On View at the Research Center: O’Keeffe and Stieglitz

This week I have been processing materials from a new photography collection and have come across several small photographs of O’Keeffe and Stieglitz at Lake George. The fascinating relationship shared between O’Keeffe and Stieglitz is a regular topic here and these photographs reminded me of our current exhibition of O’Keeffe and Stieglitz materials on display in the Research Center reading room, which is soon to end.

Many of the selected books on display come from Georgia O’Keeffe’s personal book collection.  O’Keeffe sought out and purchased certain publications, while others came from Alfred Stieglitz’s book collection or were given by friends and admirers. Several books have ephemera, photographs or notes tucked inside, or inscriptions from Stieglitz to O’Keeffe.

The first display case focuses on Alfred Stieglitz as an American photographer, writer, editor and art impresario. He promoted pictorial photography and modern art during his time as editor of Camera Notes and Camera Work. He led the Photo-Secessionists and organized numerous pioneering exhibitions in the Little Galleries of the Photo-Secession (later known as 291) from 1905 to 1917, The Anderson Galleries (1923 – 1925), The Intimate Gallery (1925 – 1929) and An American Place (1929 – 1946). We are fortunate to have several of his publications in our collection featuring beautiful high-quality photogravures.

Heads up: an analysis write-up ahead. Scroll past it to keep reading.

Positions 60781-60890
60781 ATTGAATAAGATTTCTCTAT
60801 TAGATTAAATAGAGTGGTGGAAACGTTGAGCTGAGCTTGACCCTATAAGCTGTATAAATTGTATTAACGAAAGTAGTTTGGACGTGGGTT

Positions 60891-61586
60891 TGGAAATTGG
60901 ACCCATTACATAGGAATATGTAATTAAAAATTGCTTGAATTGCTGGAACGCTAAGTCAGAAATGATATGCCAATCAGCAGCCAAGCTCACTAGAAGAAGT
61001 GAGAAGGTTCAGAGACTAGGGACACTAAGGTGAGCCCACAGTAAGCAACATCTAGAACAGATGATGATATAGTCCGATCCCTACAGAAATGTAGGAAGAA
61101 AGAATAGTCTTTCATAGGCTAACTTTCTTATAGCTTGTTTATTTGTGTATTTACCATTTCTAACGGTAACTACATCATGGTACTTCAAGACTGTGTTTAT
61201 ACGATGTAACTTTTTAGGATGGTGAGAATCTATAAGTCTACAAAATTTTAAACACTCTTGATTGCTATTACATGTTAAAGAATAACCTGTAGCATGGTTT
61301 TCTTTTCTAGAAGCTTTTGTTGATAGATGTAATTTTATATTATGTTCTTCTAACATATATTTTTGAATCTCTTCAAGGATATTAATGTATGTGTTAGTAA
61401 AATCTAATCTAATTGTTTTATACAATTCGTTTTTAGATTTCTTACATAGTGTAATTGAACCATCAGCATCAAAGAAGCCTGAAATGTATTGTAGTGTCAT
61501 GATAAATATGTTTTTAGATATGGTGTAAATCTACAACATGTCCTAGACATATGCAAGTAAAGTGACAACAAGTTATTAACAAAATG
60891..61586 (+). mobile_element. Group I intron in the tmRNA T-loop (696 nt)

The second display case focuses on the connection between Stieglitz and O’Keeffe: books sent to O’Keeffe early on in their relationship with meaningful and lengthy inscriptions by Stieglitz; ephemera from early exhibitions at Stieglitz’s galleries where he worked tirelessly to promote O’Keeffe and her work; an affectionate letter exchanged; and early sketches by O’Keeffe.

A special thanks to Tori Duggan who was amazing to collaborate with on organizing, selecting and describing the materials on display. I’m looking forward to a new exhibition of library and archives materials this spring!

Liz Ehrnst, Archives and Digital Collections Librarian